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Logo of nihpaAbout Author manuscriptsSubmit a manuscriptHHS Public Access; Author Manuscript; Accepted for publication in peer reviewed journal;
J Biomech. Author manuscript; available in PMC 2010 May 11.
Published in final edited form as:
PMCID: PMC2742974

Modulation of leg muscle function in response to altered demand for body support and forward propulsion during walking


A number of studies have examined the functional roles of individual muscles during normal walking, but few studies have examined which are the primary muscles that respond to changes in external mechanical demand. Here we use a novel combination of experimental perturbations and forward dynamics simulations to determine how muscle mechanical output and contributions to body support and forward propulsion are modulated in response to independent manipulations of body weight and body mass during walking. Experimentally altered weight and/or mass was produced by combinations of added trunk loads and body weight support. Simulations of the same experimental conditions were used to determine muscle contributions to the vertical ground reaction force impulse (body support) and positive horizontal trunk work (forward propulsion). Contributions to the vertical impulse by the soleus, vastii and gluteus maximus increased (decreased) in response to increases (decreases) in body weight; whereas only the soleus increased horizontal work output in response to increased body mass. in addition, soleus had the greatest absolute contribution to both vertical impulse and horizontal trunk work, indicating that it not only provides the largest contribution to both body support and forward propulsion, but the soleus is also the primary mechanism to modulate the mechanical output of the leg in response to increased (decreased) need for body support and forward propulsion. The data also showed that a muscle’s contribution to a specific task is likely not independent of its contribution to other tasks (e.g., body support versus forward propulsion).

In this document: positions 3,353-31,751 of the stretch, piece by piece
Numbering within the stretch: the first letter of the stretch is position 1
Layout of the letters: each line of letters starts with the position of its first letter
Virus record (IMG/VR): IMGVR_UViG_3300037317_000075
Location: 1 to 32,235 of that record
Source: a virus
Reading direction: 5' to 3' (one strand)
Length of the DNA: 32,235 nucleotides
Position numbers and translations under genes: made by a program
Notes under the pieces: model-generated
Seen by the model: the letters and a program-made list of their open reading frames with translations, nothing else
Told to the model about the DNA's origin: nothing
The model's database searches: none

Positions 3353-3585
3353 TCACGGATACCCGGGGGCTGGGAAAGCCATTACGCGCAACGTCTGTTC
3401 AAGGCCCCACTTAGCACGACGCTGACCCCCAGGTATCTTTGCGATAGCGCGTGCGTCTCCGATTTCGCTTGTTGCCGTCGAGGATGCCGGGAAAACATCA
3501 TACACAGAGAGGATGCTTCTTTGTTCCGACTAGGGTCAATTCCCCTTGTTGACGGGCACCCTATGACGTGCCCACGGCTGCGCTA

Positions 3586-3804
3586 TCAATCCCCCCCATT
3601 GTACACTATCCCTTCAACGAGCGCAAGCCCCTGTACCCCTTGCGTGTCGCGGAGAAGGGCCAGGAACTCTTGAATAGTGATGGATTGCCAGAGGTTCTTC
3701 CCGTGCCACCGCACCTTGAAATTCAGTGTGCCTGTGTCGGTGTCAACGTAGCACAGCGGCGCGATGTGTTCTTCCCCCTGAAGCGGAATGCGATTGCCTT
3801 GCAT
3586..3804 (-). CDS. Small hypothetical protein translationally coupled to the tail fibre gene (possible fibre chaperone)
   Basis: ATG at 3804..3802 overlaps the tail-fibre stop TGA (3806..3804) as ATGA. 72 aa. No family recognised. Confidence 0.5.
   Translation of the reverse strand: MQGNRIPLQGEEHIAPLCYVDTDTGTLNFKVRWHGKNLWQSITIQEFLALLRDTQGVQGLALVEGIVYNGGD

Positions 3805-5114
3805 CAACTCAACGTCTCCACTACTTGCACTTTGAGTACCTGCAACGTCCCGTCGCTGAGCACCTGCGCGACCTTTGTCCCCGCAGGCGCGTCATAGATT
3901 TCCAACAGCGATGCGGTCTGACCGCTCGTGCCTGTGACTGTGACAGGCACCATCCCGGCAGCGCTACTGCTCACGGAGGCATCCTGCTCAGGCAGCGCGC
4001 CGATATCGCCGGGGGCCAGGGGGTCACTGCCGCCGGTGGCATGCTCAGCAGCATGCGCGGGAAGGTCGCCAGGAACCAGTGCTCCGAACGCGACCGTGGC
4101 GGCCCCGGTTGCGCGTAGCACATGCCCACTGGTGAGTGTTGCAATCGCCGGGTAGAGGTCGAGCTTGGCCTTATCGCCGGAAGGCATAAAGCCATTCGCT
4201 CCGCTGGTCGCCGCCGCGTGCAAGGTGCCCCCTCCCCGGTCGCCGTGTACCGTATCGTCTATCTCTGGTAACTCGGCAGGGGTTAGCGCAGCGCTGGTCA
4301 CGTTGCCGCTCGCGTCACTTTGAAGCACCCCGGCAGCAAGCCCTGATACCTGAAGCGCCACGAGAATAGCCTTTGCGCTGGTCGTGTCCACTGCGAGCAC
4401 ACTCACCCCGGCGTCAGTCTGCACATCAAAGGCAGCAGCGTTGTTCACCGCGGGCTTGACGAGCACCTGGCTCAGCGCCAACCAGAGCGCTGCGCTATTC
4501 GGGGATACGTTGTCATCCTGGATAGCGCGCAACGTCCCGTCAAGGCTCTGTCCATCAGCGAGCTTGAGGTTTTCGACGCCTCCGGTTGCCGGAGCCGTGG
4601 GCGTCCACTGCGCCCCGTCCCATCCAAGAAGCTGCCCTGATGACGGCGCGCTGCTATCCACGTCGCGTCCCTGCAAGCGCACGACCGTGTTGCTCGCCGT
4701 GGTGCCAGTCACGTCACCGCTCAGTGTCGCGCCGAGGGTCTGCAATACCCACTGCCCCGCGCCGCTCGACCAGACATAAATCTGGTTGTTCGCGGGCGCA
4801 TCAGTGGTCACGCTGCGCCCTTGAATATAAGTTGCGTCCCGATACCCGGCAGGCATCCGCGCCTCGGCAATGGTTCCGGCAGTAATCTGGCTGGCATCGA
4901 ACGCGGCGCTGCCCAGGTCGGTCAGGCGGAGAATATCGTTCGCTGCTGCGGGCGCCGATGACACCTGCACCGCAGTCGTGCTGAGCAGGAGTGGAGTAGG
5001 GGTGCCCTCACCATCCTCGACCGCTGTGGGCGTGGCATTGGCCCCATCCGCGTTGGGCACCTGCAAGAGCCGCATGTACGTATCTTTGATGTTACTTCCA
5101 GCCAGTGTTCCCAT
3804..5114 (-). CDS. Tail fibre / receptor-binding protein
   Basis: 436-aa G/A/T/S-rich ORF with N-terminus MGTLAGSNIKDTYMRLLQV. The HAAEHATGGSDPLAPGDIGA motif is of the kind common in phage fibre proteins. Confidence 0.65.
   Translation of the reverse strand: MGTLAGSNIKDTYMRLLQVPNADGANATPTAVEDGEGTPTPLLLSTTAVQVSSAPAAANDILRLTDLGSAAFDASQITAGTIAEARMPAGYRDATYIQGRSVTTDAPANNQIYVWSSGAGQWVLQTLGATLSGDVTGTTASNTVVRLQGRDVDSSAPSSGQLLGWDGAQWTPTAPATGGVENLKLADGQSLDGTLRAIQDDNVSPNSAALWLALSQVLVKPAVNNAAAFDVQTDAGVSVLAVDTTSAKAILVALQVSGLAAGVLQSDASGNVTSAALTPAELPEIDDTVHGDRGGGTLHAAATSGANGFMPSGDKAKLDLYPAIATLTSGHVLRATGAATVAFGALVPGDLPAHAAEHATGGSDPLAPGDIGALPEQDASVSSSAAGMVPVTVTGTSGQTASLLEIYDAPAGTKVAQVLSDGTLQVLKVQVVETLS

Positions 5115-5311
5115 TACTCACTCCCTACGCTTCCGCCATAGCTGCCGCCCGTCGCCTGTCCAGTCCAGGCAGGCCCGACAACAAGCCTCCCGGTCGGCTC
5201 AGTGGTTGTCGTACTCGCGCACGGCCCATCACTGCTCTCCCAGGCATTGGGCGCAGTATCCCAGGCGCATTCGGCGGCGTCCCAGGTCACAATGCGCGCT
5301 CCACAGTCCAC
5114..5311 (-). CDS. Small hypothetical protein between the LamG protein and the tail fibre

Keywords: forward dynamic simulation, weight support, load carrying, simulated reduced gravity


Determining the functional roles of individual muscles during activities such as walking has been the focus of several recent studies (e.g., Neptune et al. 2001; Anderson and Pandy 2003; Gottschall and Kram 2003; Neptune et al. 2004; Stewart et al. 2007; McGowan et al. 2008). By understanding the relative contribution of specific muscles to the various tasks performed during walking (e.g., body support, forward propulsion or leg swing), we have gained important insight into the neuromotor control of walking. To date, the majority of these studies have focused on determining muscle function during steady-state walking (e.g., Neptune et al. 2001; Anderson and Pandy 2003; Gottschall and Kram 2003; McGowan et al. 2008). However, activities of daily living often require tasks such as carrying a load, accelerating, or walking on an incline which alter the mechanical energetic demands on the musculoskeletal system. Understanding how the nervous system modulates neuromotor patterns and mechanical outputs to meet changes in energetic demands may help researchers develop more effective rehabilitation strategies and prosthetic/orthotic devices that improve impairments caused by lower limb disabilities.